State security forces in South Sudan have been responsible for imposing new and potentially arbitrary restrictions against the country’s most prominent civil society leaders, issuing “credible” death threats that have undermined peace efforts, UN-appointed independent rights experts said on Wednesday.
In an alert, the Commission on Human Rights in South Sudan alleged that “overzealous” security forces had prevented dissent so dramatically, that civic space was now eroding “at an accelerating pace”, forcing rights defenders to flee and discouraging others from taking their place.
“The State’s targeting of high-profile human rights defenders will have a chilling effect on civil society and will discourage public participation and corrode confidence in the important processes of transitional justice, constitution making and national elections, which are essential for the success of the transition envisaged by the 2018 Revitalised Peace Agreement,” said Commissioner Andrew Clapham.
The actions of the National Security Services (NSS) have included detentions, raids, a likely internet shutdown and an enhanced security presence on the streets of Juba, the panel said in a statement.
Those targeted by threats, harassment and intimidation have included prominent human rights defenders, journalists and civil society actors. Many have played a key role in the country’s peace and justice processes.
“Jame David Kolok and Michael Wani are among those now sheltering outside the country in fear for their lives,” the UN Commission said, in reference to Mr. Kolok’s membership of the Technical Committee to Conduct Consultative Process on Truth, Reconciliation and Healing – a position reaffirmed in May by the Ministry of Justice and Constitutional Affairs.
Mr. Wani had been a youth representative on the National Constitution Amendment Committee, according to the UN panel, which noted that both men’s bank accounts, “and those of the non-government organisations they lead, are among those recently blocked on government orders, with other civil society actors also affected”.
The 2018 Revitalised Agreement for the Resolution of Conflict in South Sudan contains power-sharing arrangements between President Salva Kiir and opposition leader, Riek Machar.
The accord requires the drafting of a permanent Constitution and the establishment of a Commission on Truth, Reconciliation, and Healing.
Although implementation of these and other measures – such as public consultation requirements – have been slow, government leaders have renewed pledges and taken steps toward these in recent months, the UN Commission said.
“These latest restrictions and acts of harassment follow the formation on 30 July of a new civil society coalition whose members planned a public assembly to take place on 30 August,” it explained.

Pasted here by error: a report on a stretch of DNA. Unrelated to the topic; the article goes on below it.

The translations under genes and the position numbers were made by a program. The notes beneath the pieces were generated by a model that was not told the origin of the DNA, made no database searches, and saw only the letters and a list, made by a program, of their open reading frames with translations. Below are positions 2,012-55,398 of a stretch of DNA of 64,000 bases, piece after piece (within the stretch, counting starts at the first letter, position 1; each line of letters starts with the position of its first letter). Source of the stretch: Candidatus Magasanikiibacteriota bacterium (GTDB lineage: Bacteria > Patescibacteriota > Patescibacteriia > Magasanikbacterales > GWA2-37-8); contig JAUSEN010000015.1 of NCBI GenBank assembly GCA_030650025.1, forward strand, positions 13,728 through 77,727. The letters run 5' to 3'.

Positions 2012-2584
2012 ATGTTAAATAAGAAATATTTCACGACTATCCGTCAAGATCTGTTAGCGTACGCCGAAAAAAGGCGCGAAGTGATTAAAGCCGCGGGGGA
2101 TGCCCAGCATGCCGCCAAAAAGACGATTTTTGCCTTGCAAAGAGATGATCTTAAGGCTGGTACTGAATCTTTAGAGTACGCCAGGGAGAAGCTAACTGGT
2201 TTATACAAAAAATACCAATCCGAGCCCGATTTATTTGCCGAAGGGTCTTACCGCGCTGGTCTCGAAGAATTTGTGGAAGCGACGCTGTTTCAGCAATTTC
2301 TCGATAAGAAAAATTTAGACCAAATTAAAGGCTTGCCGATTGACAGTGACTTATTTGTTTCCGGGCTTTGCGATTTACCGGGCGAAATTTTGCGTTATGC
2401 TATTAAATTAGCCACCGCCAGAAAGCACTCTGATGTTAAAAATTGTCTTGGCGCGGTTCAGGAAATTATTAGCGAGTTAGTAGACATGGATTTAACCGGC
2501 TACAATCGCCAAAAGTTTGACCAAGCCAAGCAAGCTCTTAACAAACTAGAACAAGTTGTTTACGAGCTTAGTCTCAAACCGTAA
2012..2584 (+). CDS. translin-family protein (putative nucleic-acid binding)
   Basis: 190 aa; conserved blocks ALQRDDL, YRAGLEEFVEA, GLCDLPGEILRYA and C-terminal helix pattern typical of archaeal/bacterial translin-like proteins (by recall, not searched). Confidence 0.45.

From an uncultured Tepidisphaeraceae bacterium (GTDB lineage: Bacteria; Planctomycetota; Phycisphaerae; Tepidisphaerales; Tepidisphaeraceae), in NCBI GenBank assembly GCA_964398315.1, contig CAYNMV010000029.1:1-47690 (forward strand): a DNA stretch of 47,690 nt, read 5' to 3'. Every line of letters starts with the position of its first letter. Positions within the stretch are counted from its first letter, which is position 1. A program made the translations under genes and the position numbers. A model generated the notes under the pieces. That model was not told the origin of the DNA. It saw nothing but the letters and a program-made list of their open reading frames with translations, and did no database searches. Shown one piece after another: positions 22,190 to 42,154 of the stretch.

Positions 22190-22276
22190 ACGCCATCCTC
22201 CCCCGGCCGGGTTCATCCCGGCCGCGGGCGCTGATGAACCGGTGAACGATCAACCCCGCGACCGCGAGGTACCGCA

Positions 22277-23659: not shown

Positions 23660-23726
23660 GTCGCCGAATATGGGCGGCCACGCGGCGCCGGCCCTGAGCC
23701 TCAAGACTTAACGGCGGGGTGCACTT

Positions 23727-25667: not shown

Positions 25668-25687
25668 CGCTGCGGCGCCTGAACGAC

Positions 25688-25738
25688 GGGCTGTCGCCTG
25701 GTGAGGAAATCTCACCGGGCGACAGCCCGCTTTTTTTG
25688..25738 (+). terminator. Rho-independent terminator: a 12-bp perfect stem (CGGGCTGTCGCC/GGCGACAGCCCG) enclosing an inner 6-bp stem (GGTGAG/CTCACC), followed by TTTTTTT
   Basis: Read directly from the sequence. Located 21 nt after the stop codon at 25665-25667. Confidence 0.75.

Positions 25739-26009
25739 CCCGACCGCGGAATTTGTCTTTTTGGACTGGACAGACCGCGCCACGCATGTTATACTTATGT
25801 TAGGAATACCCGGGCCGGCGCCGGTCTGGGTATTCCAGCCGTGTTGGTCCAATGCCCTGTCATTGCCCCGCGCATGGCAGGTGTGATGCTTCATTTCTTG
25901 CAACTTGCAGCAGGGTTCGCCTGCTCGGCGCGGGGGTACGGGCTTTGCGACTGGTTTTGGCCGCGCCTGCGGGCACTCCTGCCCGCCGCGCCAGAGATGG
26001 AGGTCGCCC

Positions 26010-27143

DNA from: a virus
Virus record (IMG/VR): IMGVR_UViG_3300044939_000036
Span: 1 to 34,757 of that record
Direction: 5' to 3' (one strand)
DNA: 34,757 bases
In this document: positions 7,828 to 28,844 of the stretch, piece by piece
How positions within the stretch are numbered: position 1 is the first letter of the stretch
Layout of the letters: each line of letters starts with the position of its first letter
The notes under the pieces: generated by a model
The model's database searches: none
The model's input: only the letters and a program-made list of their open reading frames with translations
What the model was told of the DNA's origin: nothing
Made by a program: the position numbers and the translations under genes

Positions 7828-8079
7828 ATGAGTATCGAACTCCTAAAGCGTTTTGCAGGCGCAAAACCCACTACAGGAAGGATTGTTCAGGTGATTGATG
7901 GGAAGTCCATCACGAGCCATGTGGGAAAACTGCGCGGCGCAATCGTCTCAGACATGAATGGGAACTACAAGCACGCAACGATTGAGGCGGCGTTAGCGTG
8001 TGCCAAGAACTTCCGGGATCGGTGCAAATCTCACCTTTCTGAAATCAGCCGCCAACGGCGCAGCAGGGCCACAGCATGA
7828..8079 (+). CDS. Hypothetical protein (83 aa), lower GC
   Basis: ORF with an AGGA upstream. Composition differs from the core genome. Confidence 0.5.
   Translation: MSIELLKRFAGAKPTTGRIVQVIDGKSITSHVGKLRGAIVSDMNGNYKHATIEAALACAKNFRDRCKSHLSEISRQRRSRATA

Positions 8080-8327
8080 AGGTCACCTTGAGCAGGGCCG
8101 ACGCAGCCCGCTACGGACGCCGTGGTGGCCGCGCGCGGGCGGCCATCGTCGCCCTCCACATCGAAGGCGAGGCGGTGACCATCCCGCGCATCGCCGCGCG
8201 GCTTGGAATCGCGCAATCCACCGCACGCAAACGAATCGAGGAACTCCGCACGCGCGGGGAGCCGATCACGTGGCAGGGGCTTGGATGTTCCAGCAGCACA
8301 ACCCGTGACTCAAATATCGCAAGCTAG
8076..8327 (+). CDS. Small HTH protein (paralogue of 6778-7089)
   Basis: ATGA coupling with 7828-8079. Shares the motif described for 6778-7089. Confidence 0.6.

Clampdown in Juba
The UN Commission – which was appointed by the Human Rights Council in March 2016 to investigate crimes linked to civil war that erupted in 2011 – noted that this public assembly could not take place amid “detentions, raiding of premises, an apparent internet shutdown, and an enhanced presence of security forces on the streets of Juba”.
Numerous civil society leaders are still in detention and their wellbeing is unclear, the commissioners said.
“The State’s authorities must respect and protect the rights of human rights defenders; this is an obligation under international law,” said Commissioner Barney Afako. “It would also demonstrate that South Sudan’s commitment to strengthening its systems for the consolidation of human rights is genuine.”
Europe accuses US of ‘profiting from war’
Top European officials are furious with Joe Biden’s administration and now accuse the Americans of making a fortune from the war, while EU countries suffer. “The fact is, if you look at it soberly, the country that is most profiting from this war is the U.S. because they are selling more gas and at higher prices, and because they are selling more weapons,” one senior official told POLITICO.
Washington announced a $369 billion industrial subsidy scheme to support green industries under the Inflation Reduction Act that Brussels went into full-blown panic mode. “The Inflation Reduction Act has changed everything,” one EU diplomat said. “Is Washington still our ally or not?”
“We are really at a historic juncture,” the senior EU official said, arguing that the double hit of trade disruption from U.S. subsidies and high energy prices risks turning public opinion against both the war effort and the transatlantic alliance. “America needs to realize that public opinion is shifting in many EU countries.”
The biggest point of tension in recent weeks has been Biden’s green subsidies and taxes that Brussels says unfairly tilt trade away from the EU and threaten to destroy European industries. Despite formal objections from Europe, Washington has so far shown no sign of backing down.
As they attempt to reduce their reliance on Russian energy, EU countries are turning to gas from the U.S. instead — but the price Europeans pay is almost four times as high as the same fuel costs in America. Then there’s the likely surge in orders for American-made military kit as European armies run short after sending weapons to Ukraine.
Officials on both sides of the Atlantic recognize the risks that the increasingly toxic atmosphere will have for the Western alliance.
“The U.S. is following a domestic agenda, which is regrettably protectionist and discriminates against U.S. allies,” said Tonino Picula, the European Parliament’s lead person on the transatlantic relationship.